Family Based Immigration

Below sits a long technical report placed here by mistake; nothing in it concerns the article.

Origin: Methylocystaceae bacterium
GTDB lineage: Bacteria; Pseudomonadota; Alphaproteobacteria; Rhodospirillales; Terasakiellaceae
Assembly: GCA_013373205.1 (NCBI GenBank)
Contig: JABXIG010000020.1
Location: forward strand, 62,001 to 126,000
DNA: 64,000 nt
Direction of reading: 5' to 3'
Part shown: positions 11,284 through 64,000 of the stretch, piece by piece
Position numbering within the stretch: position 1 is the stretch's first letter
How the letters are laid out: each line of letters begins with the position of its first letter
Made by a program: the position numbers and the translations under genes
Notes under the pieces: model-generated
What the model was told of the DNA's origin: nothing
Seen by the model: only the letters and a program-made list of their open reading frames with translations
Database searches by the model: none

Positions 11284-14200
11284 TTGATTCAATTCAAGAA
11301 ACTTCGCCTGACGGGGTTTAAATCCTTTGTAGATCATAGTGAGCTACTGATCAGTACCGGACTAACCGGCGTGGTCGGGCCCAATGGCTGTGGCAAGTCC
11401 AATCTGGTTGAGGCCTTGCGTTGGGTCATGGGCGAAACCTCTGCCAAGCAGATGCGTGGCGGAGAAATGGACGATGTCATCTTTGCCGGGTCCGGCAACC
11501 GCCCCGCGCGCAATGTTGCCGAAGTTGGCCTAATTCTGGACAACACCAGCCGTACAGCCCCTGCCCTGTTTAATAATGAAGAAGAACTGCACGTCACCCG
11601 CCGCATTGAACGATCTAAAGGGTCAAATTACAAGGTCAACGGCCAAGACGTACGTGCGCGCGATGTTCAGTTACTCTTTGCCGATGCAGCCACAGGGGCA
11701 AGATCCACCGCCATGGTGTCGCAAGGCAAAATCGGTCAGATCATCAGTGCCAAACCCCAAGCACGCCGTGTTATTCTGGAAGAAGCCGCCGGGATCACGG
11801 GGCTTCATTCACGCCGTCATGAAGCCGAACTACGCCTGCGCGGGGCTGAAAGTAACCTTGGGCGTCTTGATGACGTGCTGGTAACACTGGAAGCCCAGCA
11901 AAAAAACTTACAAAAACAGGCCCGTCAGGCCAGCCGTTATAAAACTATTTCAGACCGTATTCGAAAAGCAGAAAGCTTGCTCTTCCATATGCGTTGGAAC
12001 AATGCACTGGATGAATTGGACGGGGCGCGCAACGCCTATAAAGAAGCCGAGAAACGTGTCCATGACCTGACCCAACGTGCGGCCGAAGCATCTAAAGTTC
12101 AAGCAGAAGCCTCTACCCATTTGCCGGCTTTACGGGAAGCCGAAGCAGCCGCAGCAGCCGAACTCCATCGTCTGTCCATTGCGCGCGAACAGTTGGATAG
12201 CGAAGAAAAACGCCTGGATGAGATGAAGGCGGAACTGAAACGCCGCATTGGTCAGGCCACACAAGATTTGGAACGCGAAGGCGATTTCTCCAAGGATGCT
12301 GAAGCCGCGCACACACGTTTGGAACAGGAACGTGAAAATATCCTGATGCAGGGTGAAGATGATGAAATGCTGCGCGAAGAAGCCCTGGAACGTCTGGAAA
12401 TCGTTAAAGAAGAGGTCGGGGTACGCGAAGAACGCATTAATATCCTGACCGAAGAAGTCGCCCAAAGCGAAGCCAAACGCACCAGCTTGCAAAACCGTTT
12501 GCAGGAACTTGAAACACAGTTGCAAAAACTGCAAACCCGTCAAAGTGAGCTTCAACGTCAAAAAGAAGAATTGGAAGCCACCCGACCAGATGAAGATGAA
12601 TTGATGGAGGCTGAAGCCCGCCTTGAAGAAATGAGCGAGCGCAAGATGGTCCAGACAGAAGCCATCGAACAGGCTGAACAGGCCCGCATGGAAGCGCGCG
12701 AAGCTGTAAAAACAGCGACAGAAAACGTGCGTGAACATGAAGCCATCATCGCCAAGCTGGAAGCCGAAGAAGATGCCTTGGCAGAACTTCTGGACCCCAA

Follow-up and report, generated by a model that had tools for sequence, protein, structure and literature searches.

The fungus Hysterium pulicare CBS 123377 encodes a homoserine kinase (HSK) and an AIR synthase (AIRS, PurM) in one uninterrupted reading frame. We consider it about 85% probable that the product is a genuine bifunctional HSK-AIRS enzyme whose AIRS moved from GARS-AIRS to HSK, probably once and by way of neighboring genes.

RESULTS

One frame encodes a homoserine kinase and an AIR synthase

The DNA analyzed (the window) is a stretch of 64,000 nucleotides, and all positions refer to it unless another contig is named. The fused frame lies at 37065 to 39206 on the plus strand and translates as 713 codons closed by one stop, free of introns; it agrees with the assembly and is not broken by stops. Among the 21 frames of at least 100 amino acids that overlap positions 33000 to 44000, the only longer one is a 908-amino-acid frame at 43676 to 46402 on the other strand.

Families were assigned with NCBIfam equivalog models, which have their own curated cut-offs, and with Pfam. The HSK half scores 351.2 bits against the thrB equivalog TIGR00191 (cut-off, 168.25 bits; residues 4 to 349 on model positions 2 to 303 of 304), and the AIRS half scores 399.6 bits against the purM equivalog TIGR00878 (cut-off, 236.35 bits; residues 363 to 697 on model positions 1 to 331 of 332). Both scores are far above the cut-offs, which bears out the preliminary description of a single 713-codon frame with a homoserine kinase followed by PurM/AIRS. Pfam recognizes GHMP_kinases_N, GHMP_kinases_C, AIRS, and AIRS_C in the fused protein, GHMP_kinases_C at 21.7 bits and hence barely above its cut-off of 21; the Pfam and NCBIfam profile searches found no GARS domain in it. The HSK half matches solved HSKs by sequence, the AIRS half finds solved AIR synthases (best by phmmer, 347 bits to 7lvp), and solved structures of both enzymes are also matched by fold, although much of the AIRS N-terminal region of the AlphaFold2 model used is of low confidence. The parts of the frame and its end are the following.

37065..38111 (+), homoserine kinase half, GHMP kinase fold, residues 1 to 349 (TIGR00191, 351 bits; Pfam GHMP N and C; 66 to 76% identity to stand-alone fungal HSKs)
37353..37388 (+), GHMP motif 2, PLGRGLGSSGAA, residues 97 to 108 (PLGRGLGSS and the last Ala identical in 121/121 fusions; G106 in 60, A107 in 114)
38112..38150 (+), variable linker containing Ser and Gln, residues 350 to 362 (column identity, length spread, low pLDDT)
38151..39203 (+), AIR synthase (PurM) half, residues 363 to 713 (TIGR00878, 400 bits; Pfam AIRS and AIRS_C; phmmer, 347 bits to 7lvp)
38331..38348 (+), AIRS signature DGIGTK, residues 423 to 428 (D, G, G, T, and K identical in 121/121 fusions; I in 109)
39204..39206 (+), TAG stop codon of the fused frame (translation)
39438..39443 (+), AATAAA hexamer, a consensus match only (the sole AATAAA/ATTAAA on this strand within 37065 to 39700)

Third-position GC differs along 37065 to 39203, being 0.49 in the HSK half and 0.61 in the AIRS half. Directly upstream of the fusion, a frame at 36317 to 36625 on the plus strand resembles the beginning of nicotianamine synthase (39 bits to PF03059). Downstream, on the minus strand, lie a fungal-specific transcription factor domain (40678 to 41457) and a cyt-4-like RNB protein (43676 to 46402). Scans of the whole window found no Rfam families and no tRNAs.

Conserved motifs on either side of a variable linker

A family member (spouse, parent, child 21 or older, or sibling) may petition for a family member to start the process of permanent residence status or green card. The petitioning relative is referred to as the ‘Petitioner,’ and must either be U.S. citizen or permanent resident and files Form-I-130, Petition for Alien Relative. The family member being petitioned is referred to as the applicant or beneficiary. After approval of the petition, visa must become available prior to applying for green card. Depending on the petitioning relative’s immigration status and relationship, and age of the applicant or beneficiary, visa may be immediate upon the approval of the I-130 Petition, or take several years. Usually, visa is immediate when the petitioner is U.S. citizen, and the beneficiary is the spouse, child under 21 years of age, or parent of the petitioner. However, the ability to obtain green card requires that the beneficiary is admissible, which generally requires that beneficiary has not violated U.S. immigration laws and does not have disqualifying criminal convictions. However, most violations including certain criminal convictions may be waived or excused. In addition, violation of unlawful entry or entry without inspection may be waived either through (I-601 or I-601A) waivers which generally require establishing extreme hardships to an immediate U.S. citizen or permanent resident relative (spouse or parent). In addition, beneficiary with immediate family member (spouse, parent or child under 21 years of age) in the U.S. Military, may qualify for Parole in Place for Family Members of the U.S. Military, which excuses the unlawful entry. The U.S. Immigration family based green card process is highly complex and requires working with various U.S. government agencies. Please contact us for a consultation to determine what options you may have to qualify for permanent resident or green card status.